The worsening civil strife in Syria is taking a heavy toll on academics, prompting a scramble by international organizations to help.
The Institute of International Education announced on Tuesday at the Clinton Global Initiative here that it would lead an effort to provide emergency support to Syrian scholars and students. It is working with Jusoor, a group created in response to the Syria crisis, and the Illinois Institute of Technology.
The three organizations have committed $2-million to the project and are urgently seeking involvement by others to expand the program, which has already provided havens for several Syrian students and academics. The State Department's EducationUSA network will help publicize the effort to ensure that Syrian students are aware of their opportunities.
With universities across Syria either closed or facing severe disruptions, the need for assistance is dire. Many students have already lost more than a year of study, and both professors and students have faced arrest, harassment, and imprisonment, often because of their university affiliation. According to Jim Miller, executive director of IIE's Scholar Rescue Fund, which helps endangered academics around the world, the fund has received three times as many applications from Syrians this year as in the organization's first decade in existence, from 2002 to 2011.
An associate professor at the University of Aleppo, who requested anonymity because her family remains in Syria, fled this year and is now based at an institution in California through the Scholar Rescue Fund. She said that education at all levels in Syria was in disarray and that universities were especially vulnerable. Student activists provided the initial spark of the uprising and have persisted in their activism, despite brutal reprisals by security forces, she said.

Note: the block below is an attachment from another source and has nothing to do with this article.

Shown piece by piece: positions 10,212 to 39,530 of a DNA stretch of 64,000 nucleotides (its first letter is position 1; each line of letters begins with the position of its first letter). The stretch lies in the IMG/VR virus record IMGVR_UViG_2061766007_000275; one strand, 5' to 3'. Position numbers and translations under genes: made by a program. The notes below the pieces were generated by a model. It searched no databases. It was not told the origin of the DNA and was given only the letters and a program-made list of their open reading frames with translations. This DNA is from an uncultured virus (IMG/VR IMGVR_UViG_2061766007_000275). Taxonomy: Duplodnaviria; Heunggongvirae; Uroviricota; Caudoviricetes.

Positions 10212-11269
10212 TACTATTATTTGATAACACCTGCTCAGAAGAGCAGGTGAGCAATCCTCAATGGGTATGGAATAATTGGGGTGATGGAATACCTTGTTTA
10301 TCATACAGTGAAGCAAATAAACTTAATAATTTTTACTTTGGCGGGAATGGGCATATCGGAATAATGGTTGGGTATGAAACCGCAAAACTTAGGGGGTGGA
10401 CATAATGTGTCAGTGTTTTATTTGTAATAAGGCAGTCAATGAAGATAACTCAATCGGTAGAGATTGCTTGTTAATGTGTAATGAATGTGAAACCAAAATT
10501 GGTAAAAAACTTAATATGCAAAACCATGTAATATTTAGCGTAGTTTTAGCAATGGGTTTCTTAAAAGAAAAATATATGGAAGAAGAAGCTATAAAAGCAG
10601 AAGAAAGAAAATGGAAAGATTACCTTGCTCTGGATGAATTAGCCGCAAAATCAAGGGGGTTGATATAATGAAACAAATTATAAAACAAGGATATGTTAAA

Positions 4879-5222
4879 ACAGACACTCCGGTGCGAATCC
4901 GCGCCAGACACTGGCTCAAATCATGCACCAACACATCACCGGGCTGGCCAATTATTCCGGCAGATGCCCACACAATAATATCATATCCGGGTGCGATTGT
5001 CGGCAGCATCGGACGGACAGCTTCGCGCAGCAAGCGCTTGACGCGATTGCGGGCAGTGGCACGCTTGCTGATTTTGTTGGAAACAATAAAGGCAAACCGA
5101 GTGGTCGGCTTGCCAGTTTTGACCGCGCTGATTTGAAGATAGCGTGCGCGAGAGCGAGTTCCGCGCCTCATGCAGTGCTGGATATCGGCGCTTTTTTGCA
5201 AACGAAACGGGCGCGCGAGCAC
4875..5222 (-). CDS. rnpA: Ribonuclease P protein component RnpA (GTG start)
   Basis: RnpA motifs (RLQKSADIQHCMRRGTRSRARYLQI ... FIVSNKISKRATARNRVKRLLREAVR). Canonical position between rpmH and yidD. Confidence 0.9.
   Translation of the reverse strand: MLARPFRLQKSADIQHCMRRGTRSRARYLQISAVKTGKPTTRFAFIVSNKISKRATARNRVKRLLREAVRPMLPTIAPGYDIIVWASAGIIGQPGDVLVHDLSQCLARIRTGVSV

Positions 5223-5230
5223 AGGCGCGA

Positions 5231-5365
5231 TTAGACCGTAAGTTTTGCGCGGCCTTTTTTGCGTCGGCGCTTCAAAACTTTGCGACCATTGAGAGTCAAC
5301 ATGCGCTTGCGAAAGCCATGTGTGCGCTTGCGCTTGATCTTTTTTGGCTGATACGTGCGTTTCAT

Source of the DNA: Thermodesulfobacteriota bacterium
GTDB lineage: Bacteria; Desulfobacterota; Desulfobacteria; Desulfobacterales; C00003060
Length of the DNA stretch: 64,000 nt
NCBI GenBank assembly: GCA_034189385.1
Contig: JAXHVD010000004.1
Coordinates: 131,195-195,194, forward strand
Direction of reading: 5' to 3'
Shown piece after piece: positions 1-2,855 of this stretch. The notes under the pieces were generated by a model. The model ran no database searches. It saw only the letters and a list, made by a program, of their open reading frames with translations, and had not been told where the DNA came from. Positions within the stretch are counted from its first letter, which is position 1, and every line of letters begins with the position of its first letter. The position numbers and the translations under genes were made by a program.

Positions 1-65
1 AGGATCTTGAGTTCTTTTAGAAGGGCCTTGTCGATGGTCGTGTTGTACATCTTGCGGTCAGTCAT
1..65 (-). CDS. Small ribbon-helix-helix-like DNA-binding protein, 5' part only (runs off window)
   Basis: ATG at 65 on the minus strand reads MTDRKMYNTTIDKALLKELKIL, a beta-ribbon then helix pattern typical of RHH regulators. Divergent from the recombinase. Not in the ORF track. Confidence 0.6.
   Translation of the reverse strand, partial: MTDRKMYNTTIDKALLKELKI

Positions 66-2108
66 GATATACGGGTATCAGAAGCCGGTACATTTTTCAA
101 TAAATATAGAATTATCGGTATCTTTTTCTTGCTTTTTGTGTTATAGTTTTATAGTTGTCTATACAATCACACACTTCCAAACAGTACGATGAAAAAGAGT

In May, emboldened by the presence in Syria of United Nations observers, students in Aleppo mounted large protests. At least four students were killed, and military officials soon shut down the university. The university's dormitories now house some 25,000 refugees, she said, and three weeks ago the institution's newly installed president also fled.
3 Professors Assassinated
Many academics have been cowed into silence. Those who do speak out—as the Aleppo professor did, urging wider support among colleagues for the uprising and more open criticism of the regime's brutal tactics—are targets for reprisal. One colleague recently fled to Saudi Arabia after spending four months in jail, she said, and at least three professors in Aleppo have been assassinated. Most of the six members of her department have fled the country.
In Homs, Syria, the western city that was a flash point for the uprising's initial phase, the university was closed for the entire academic year last year and campus buildings are being used as prisons.
The Scholar Rescue Fund has awarded fellowships of $20,000 to $25,000 to eight Syrian scholars this year, and several more applications are pending. So far, 10 universities in the United States, Canada, the Netherlands, and France have agreed to host Scholar Rescue Fund fellows from Syria. Even limited involvement by institutions, such as sponsoring a single student or hosting one scholar, could do much to alleviate the need, said Daniela Z. Kaisth, IIE's vice president for strategic development.
Megan E. Mozina, assistant director of international outreach and engagement at the Illinois Institute of Technology, said her institution became involved in late June. With support from Jusoor, the university rushed to put in place a program for the current academic year, committing to covering up to half of a full year of costs for as many as 50 undergraduates. The Illinois institute heard from 450 Syrian undergraduates, of whom 130 were invited to apply based on their credentials. Of those, 28 were admitted for the fall term.
Jusoor has committed to covering the remaining $25,000 in annual cost for those students but has been able to come up with only enough money to support 14 students, so the rest have remained either in Syria or in neighboring countries, where they had fled the violence. Ms. Mozina said that the university hoped to be able to raise enough money to bring those students to the campus by next spring.